BRYAN FAUST/Herald PhotoAs they prepare for Wednesday’s 6 p.m. home matchup against University of Illinois-Chicago, the Wisconsin softball team is in dire need of a quick turnaround.It’s been a topsy-turvy season for head coach Chandelle Schulte’s squad, which is 19-19 overall, but just 4-8 in the Big Ten. The team started the season playing some of the best teams in the nation — including current No. 2 Texas, No. 6 Stanford, No. 9 Arizona State and No. 22 Fresno State — but after faltering against the best of the West, the team has done more of the same against teams of all flavors in the Midwest. The Badgers come off this past weekend’s four-game road trip, in which tried-and-true pitcher Eden Brock — a 20-game winner just last season — dropped three out of four to conference foes Indiana and Purdue. Brock had won her previous six decisions before the road trip, the last of which was against UIC the last time the teams played, April 19.This weekend’s losses were particularly painful for the Badgers for a number of reasons. First of all, Indiana and Purdue were ranked eighth and 10th in the Big Ten before the weekend. The Badgers were ranked seventh.What is more, the Badgers fell considerably in the Big Ten standings from that seventh spot down to 10th place. The top eight teams in the conference qualify for the Big Ten tournament.”After the Purdue game we sat down with Coach [Schulte] and she was talking about how we had to focus,” said freshman second baseman Theresa Boruta. “We have seven games left and we really need to focus [if we want to make the Big Ten tournament].”Boruta, who hit the lone home run for the Badgers this weekend, knows that maintaining a high level of concentration is difficult, especially when the team is struggling.”It’s hard to keep yourself motivated when we’re having not the greatest season in the world,” said Boruta. “But we still realize that there is a chance [to make the Big Ten tournament]. And it’s going to be a challenge, but we’re up for it. [We] might as well go balls-out the last seven games. It’s worth it.”The freshman also talked about how Wednesday’s game could do wonders for the team’s morale.”It’s hard coming off [Big Ten losses],” said Boruta. “But non-conference games are a good way — if you’re having trouble or you’re having difficulty — to rebound and come back up with a big win to motivate you. … That’s what we’re looking for [Wednesday].”Assistant coach Martha McCall agreed that the game against the Flames is important in that the Badgers do need to work on certain things in a game situation. She talked about finally putting together, in one game, the three-pronged combination of hitting, pitching, and defense. She thinks that the Badgers have a good chance to do that on Wednesday against UIC.With six of the remaining seven games for the cardinal-and-white against conference rivals, though, she is excited to have a little fun with this one.”[Wednesday’s game] should be a good little tune-up for us,” said McCall. “It should be fun. It’s Athletic Department Day out here so we should have a lot of fans. We’re just looking to … see what we can do tomorrow to get us on track for the weekend.”When asked about the team’s state of mind heading into Wednesday’s game, McCall said that losing focus is not on the team’s agenda.”Not for us,” said McCall. “Every game is a chance for us to get another win. That’s important.”The Badgers beat the Flames 2-0 in their last meeting in Chicago on April 19. The Flames are 20-27 on the season.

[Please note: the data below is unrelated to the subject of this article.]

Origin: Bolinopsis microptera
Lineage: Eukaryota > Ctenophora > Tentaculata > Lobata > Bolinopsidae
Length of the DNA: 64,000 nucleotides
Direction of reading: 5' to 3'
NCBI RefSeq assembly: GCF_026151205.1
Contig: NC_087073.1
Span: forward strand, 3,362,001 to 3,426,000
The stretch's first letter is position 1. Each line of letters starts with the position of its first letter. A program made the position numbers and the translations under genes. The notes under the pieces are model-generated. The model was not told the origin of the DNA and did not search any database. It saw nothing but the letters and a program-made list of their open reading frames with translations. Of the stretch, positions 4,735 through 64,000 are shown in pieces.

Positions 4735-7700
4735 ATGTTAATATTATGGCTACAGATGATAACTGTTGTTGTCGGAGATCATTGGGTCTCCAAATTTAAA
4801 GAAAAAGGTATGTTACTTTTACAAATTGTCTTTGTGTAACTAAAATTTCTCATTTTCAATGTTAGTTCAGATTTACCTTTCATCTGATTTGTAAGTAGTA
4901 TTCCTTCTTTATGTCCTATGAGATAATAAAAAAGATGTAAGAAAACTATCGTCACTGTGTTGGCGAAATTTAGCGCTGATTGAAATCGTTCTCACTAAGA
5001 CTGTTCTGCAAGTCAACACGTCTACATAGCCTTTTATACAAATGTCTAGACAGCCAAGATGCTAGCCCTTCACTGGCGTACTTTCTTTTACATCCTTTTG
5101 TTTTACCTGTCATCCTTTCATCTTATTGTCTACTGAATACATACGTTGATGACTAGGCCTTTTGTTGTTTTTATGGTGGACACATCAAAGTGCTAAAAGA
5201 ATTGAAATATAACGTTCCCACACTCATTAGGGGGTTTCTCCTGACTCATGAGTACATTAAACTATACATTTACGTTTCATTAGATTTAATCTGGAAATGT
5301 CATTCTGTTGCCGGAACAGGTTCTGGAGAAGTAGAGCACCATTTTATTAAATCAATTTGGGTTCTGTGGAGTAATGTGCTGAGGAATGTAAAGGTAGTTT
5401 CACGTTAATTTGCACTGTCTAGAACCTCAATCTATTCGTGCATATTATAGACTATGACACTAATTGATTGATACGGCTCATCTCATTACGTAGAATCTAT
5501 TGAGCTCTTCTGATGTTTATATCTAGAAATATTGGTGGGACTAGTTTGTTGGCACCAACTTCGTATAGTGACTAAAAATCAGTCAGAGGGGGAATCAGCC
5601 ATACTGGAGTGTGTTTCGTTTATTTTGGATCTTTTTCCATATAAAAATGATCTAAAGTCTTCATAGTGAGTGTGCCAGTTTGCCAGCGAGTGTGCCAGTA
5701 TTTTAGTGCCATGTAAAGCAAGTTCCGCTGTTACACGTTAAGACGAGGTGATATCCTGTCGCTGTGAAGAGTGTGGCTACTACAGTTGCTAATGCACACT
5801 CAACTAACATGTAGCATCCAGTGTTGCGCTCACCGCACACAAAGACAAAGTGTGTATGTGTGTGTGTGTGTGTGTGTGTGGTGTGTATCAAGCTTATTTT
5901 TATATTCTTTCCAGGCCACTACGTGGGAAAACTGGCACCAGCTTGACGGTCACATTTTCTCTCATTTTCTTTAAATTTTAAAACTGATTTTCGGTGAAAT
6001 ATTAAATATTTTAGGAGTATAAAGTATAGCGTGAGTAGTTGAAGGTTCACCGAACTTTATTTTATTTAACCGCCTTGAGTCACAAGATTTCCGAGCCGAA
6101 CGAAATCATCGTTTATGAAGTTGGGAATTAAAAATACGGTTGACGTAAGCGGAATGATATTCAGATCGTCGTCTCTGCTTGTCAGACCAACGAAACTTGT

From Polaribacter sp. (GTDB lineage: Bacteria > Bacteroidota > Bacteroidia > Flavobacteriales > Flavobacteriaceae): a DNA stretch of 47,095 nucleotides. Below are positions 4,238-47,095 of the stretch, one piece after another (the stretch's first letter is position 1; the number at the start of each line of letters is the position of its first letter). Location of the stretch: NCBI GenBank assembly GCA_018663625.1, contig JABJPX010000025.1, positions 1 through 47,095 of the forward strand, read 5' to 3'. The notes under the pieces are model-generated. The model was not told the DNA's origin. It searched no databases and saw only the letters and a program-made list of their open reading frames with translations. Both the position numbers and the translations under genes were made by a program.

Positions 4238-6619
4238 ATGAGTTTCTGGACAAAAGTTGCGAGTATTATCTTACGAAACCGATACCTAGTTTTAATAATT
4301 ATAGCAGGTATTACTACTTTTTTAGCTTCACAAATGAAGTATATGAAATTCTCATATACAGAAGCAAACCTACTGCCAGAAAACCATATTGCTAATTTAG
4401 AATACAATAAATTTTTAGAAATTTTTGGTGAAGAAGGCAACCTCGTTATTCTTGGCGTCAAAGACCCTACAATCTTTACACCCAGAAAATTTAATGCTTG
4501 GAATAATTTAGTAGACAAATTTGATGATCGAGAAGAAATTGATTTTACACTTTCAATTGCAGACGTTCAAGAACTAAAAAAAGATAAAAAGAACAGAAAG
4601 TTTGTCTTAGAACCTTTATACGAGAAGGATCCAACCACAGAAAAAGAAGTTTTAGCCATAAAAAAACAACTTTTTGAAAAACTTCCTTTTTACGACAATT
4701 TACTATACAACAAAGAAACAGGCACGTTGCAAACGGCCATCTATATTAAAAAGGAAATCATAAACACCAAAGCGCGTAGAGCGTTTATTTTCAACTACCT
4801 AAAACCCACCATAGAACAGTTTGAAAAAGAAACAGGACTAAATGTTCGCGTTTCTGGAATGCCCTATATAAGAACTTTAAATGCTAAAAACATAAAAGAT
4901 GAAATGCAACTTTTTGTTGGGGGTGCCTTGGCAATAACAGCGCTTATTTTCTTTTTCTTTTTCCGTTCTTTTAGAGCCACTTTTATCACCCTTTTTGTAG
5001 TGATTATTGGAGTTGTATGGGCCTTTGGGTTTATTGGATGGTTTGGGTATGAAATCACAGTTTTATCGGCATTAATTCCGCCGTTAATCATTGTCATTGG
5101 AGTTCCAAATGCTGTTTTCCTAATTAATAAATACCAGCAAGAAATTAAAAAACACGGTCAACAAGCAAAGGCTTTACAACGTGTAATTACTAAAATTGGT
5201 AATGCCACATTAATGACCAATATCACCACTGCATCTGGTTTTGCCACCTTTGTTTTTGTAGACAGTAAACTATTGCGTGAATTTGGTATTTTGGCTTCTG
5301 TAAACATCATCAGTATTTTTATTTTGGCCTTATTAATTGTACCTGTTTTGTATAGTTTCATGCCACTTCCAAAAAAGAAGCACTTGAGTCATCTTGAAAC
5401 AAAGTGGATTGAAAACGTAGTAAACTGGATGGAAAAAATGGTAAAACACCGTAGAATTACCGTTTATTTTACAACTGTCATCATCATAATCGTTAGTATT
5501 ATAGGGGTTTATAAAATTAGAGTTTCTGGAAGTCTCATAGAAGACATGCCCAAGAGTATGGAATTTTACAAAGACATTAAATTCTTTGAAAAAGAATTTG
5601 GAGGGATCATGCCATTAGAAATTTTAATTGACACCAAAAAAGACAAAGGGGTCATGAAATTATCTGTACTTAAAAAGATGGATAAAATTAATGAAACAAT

Defenseman Eric Conklin couldn\’t stop the Huskies from ending the Badgers\’ shutout streak last night.[/media-credit]It was a tense and physical game at McClimon Soccer Complex Wednesday night as the UW men’s soccer team played its final home game of the regular season. Although the Badgers literally struck first blood, it was the Northern Illinois Huskies who walked away with the 1-0 win.The game started off quickly with both teams creating multiple threats to score throughout the first half. As the clock ticked, the game became increasingly physical, and in the 17th minute, Wisconsin midfielder Brandon Miller drew the game’s only yellow card. Although it was the game’s lone caution, the match ended with a total of 11 fouls and several injuries.The first major injury occurred when Badger forward Ata Ozbay struck heads with Huskies defenseman Tim King, causing King to bleed substantially. From there the game only became more intense and physical, but the Badgers and head coach Todd Yeagley anticipated the Huskies rough style of play.“Yeah we expected it to be physical,” Yeagley said. “That’s a big part of Northern’s strength is their physical play.”Despite the intense defense that continued throughout the second half, the Huskies finally took advantage of a scoring opportunity late in the game. In the 85th minute, forward Juan Hoyos found the back of the net for the first time of the night, putting the Huskies ahead 1-0 with only five minutes left for the Badgers to respond.“It was one that a better decision on a clearing situation maybe [wouldn’t have] put ourselves in that predicament,” Yeagley said. “The kid did a nice job of putting it away.”Regardless of the physical defensive fight that dominated the game, it was still a disappointing blow for the Badgers to lose in the final minutes of their last regular season home game. The team had hoped to continue its winning streak and end its home season on a good note.“We said before the game that we’d love to have seniors go out on a real positive note for the last regular season home game and play with a lot of pride and have our young guys give a performance they’ll remember,” Yeagley said. “Some days it’s not there, and it was one of those days.”Senior defenseman Eric Conklin expressed similar feelings but knew he and the Badgers fell short of their goal.“Obviously we wanted to come out with a win,” Conklin said. “We put it all on the field. I thought we dominated chances offensively. It’s too bad we couldn’t come away with the [win].”Although the loss was upsetting, Yeagley is not concerned about his team’s ability to rebound from the defeat. He believes his squad underperformed and couldn’t find its stride against NIU.“We just didn’t perform well today,” Yeagley said. “We can’t afford to have that many players tonight not be near their best and that’s what happened. It was a game where we couldn’t find rhythm. I thought we were slow in transition, not sharp offensively and certainly didn’t give them many chances, but I just felt this game was one that we just didn’t bring the game that we had been bringing the last five or six and before that. … I’m not concerned because I know what we still have to play for in this team. We have had too many good things that we can draw upon to regroup for Saturday for a chance to win a Big Ten championship.”Despite suffering a tough loss, the Badgers are now getting ready for Saturday’s game at Penn State and are hopeful to win a Big Ten regular season title.“Once we leave the field here its full-tilt, getting ready for a crucial Big Ten game on Saturday,” Yeagley said. “We’re a confident group. We know Penn State’s strengths and weaknesses and [to] go in and play with confidence, it’s still our game. Tonight I thought we were passive and our team needs to be the aggressor. I’m confident we can do that at Penn State on Saturday.”